U.S. stocks slid on Thursday as another batch of economic data pointed to the fragility of the recovery and a brokerage's dim view on the semiconductor sector hit technology shares.
The benchmark S&P 500 suffered its worst one-day percentage fall in three weeks as investors feared that weakness in housing and labor markets would persist, making current stock valuation seem unjustified.
There's this feeling that the economy has lost momentum from the third quarter, said Bruce Zaro, chief technical strategist at Delta Global Advisors in Boston. The market gained traction to the downside when the disappointing economic indicators came out.
Bank of America-Merrill Lynch cut its 2010 growth outlook for the semiconductor industry on concerns about a rising inventory glut. It downgraded 10 stocks, including Intel Corp
The downgrades were a setback for those betting that the technology sector would fare better than others as the recovery takes hold. Chips are essential to a broad range of products, including computers and mobile devices.
Investors have ridden the tech wave since the S&P 500 hit a 12-year closing low on March 9. Shares of Dow component Intel fell 4.1 percent to $19.30 on Nasdaq. The PHLX Semiconductor Index <.SOXX> dropped 3.4 percent.
On the economic front, the Conference Board's index of U.S. leading economic indicators, a gauge of the U.S. economy's prospects, rose 0.3 percent to 103.8, the highest since September 2007. But the increase fell short of Wall Street's expectation for a rise of 0.5 percent.
There was also more disconcerting news in housing. A record one in seven U.S. mortgages were in foreclosure or at least one payment was past due in the third quarter, according to fresh data signaling that the housing market's recovery will be tepid at best.
The U.S. dollar's gain was another headwind for stocks as it pressured prices of natural resources like crude oil and gold, pushing down shares of companies such as Alcoa
The Dow Jones industrial average <.DJI> shed 93.87 points, or 0.90 percent, to end at 10,332.44. The Standard & Poor's 500 Index <.SPX> slid 14.90 points, or 1.34 percent, to 1,094.90. The Nasdaq Composite Index <.IXIC> dropped 36.32 points, or 1.66 percent, to 2,156.82.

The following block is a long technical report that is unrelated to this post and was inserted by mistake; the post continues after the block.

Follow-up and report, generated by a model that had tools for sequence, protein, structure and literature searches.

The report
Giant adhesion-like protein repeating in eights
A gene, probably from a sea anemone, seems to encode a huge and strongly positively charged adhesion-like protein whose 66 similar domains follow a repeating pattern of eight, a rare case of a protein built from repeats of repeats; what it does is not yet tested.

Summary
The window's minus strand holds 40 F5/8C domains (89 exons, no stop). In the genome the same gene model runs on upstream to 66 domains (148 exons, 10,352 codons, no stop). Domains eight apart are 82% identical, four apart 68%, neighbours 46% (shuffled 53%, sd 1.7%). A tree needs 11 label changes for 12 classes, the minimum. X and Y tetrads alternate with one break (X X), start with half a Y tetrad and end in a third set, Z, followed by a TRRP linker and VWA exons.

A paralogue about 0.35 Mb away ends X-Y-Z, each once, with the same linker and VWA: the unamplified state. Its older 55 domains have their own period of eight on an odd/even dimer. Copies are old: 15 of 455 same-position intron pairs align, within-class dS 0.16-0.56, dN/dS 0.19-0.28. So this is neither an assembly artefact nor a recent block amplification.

Bank of America-Merrill Lynch said notions of a strong rebound for the semiconductor industry next year may not be realistic.
Texas Instruments shares fell 3.4 percent to $24.88 on the New York Stock Exchange, while Marvell Technology Corp
The stock of iPod and iPhone maker Apple Inc
Tech news took an even gloomier tone after the closing bell as computer maker Dell Inc
Dell's stock fell 6.6 percent to $14.82 in after-hours trading. On Nasdaq, it had closed at $15.87.
Thursday's market sell-off was broad-based, with all but four of the Dow's 30 stocks ending lower. Among other hard-hit sectors were financials, industrials and consumer discretionaries.
An S&P index of energy shares <.GSPE> slid 2.1 percent after U.S. front-month crude futures, which expire on Friday, fell $2.12 lower, or 2.7 percent, to settle at $77.46 a barrel on the New York Mercantile Exchange.
The rising greenback hurt the prices of other commodities.
Alcoa, an aluminum producer, lost 3.9 percent to $13.22 on the NYSE.
Financials also took a hard knock, with the KBW bank index <.BKX> down 2 percent, while the Dow Jones home construction index <.DJUSHB> declined 1.7 percent.
Health insurance stocks fell a day after U.S. Senate Majority Leader Harry Reid released an $849 billion healthcare reform bill that analysts said would extend coverage to tens of millions of the uninsured.
Goldman Sachs said in a note the bill may cause problems for managed-care companies regarding profit margin regulation.
The Morgan Stanley Healthcare Payor index <.HMO> fell 1.2 percent. Even so, the benchmark S&P 500 is up 61.8 percent from its 12-year closing low of March 9.
On the New York Stock Exchange, volume was anemic, with only about 1.08 billion shares changing hands, below last year's estimated daily average of 1.49 billion. On the Nasdaq, volume was active with about 2.27 billion shares traded, slightly below last year's daily average of 2.28 billion.
Declining stocks outnumbered advancers on the NYSE by a ratio of about 4 to 1. On the Nasdaq, seven stocks fell for every two that rose.
(Reporting by Ellis Mnyandu; Editing by Jan Paschal)